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“We would be working with small businesses, small importers, not huge distributors, and a lot of them have decided short term that until things get easier again, they’re just not interested in UK beer, which they were previously.”

Supply chain issues related to the pandemic have also had a huge knock on effect, and not just for the small independents.

Stockport’s famous Robinsons Brewery runs over 250 pubs and has been making beer since 1849, but rarely has it experienced such problems.

Oliver (Right) And William Robinson In The Bakers Vaults Pub In Stockport

“It’s the cost pressures on the industry as a whole, from poor harvests in Canada to the supply chain,” says Oliver Robinson, the brewery’s joint managing director.

“Stuff that we might bring over from abroad in containers, for example. A container three years ago would cost us £1200 – it’s now costing £15,000.

“It could be pump kits we’re buying from China or parasols, all of which need to be shipped over.

“We’re not getting anything through our letterbox saying ‘We’re pleased to announce that our prices are coming down’.

“It’s across everything, from the huge increase in malt prices to glassware.

“So it’s no surprise to anyone, the reports that prices of a pint could go up to 50p, and pints going over £6, depending on what you’re drinking of course.

“In one breath we have to look after the customers, but also have to make sure we’re fit as a business long term.

“Our pubs are under those same pressures, and they have to be sustainable, and we’ve got to make sure all our licenses are making enough money to stay in business too.”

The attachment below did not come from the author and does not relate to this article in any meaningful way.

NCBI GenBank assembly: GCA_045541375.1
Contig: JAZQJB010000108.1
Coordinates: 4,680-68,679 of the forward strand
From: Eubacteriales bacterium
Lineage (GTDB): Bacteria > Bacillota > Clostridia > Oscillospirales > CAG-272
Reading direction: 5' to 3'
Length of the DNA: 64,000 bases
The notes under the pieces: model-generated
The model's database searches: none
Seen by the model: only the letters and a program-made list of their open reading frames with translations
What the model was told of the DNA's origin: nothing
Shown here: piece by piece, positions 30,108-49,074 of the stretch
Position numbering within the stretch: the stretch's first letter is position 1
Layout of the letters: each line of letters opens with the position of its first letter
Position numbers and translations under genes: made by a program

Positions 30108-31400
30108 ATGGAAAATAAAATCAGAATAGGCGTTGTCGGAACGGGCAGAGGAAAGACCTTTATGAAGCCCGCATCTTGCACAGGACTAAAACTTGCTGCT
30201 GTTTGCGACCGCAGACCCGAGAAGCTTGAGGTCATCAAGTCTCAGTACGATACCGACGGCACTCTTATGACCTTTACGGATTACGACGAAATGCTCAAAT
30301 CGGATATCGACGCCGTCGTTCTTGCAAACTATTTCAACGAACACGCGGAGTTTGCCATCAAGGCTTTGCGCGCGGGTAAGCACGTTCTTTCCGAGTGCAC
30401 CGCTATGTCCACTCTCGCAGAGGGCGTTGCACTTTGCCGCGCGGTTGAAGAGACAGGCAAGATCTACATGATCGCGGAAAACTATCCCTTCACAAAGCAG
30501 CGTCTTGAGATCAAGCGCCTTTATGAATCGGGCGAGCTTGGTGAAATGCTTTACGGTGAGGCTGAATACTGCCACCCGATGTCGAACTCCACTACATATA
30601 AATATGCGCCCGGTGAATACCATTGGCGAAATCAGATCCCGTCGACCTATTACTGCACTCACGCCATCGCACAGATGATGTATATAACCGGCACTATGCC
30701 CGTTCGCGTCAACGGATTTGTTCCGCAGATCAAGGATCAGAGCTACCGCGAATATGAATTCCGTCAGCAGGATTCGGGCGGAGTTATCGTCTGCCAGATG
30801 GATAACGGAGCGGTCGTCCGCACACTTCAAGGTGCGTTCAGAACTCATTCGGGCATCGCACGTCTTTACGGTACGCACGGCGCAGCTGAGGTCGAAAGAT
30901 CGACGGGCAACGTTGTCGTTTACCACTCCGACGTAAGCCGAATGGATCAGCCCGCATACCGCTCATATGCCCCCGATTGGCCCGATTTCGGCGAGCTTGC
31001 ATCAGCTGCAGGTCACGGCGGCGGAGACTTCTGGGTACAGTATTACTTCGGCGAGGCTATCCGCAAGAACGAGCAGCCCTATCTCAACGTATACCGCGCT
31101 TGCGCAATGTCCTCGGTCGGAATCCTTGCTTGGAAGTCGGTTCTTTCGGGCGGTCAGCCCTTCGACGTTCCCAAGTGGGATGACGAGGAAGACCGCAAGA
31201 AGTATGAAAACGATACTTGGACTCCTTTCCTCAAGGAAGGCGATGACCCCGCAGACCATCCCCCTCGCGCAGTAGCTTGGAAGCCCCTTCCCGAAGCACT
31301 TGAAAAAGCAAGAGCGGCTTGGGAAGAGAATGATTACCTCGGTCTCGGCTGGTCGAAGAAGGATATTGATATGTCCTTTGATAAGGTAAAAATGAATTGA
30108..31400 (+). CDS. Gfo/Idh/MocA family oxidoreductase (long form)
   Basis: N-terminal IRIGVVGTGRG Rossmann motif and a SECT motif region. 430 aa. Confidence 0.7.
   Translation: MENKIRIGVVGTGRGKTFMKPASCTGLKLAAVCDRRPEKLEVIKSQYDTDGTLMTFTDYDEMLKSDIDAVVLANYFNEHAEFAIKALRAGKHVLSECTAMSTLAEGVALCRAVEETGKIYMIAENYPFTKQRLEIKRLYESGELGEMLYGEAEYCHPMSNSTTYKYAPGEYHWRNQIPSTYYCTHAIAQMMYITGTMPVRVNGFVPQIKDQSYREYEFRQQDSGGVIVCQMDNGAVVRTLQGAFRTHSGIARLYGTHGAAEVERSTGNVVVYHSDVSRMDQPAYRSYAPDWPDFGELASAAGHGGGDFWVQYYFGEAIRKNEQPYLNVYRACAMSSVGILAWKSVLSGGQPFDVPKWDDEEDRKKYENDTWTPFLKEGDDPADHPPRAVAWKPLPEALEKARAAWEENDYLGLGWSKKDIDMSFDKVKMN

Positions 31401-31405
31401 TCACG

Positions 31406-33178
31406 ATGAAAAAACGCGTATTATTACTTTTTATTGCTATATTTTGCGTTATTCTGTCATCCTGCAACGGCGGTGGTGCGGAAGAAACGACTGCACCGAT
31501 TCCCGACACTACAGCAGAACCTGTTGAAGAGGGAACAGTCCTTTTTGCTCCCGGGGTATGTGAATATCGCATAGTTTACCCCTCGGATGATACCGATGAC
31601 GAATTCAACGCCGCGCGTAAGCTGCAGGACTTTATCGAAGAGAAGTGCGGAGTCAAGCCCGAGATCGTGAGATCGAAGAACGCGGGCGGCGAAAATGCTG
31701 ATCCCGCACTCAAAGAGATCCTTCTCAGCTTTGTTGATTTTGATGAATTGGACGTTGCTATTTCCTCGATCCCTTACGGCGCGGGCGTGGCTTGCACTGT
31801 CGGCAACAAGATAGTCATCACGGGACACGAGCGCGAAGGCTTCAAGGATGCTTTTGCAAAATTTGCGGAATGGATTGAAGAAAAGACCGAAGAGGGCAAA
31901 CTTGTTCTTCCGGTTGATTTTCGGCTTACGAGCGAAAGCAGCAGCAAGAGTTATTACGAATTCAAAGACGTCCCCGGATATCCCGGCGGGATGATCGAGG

Many in the brewing industry think that the government should be doing much more to help brewers weather the storm they find themselves in.

“Our members have come out of the pandemic with an average of £30,000 of debt each, and in 2020, we lost about 160 small brewers,” Barry Watts, head of policy at the Society of Independent Brewers (SIBA), told the MEN .

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“Only this week they’ve announced an additional £1 million for small brewers in Scotland, and we’ve not had these direct funds in England, just these discretionary ones, so it’s a postcode lottery.

“The government announced in the budget last year this new lower rate of duty for draft beer, but it won’t be introduced until February 2023, so a whole year’s time.

“They should bring that forward, to as soon as possible this year to help brewers get through this crisis.

“There’s a lot of uncertainty. We’re facing a multitude of shocks and pressures.

“It’s difficult to know what’s going to happen, but it’s putting these businesses at great risk.

“There’s only so much brewers can absorb, no one wants price increases, but that might be what businesses have to do.”

“I think it’s just going to be a reality that beer is going to be more expensive,” says Rik Garner, founder of Salford’s First Chop.

First Chop’s Rik Garner

He told the Manchester Evening News that his energy bill alone is going to be £20,000 more this year than last year, and that’s without factoring in the various other increased costs.

“We are going to have to put our prices up, and we’ve never been a company that has taken the p**s with our prices.

“It may well mean that if you go out on a Friday night, you might get four pints instead of five pints, and then people have to make a choice,” he says.

“The pressures on us will mean that we do have to put the price of beer up. We’re not all going on holiday to the Maldives. We’ll put the prices up to be able to pay staff, and put food on people’s tables.

“That said, there are a lot of people more up against it than we are. Complaining about the cost of a pint of beer, it’s a bit of a first world problem.”

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George Holan

George Holan is chief editor at Plainsmen Post and has articles published in many notable publications in the last decade.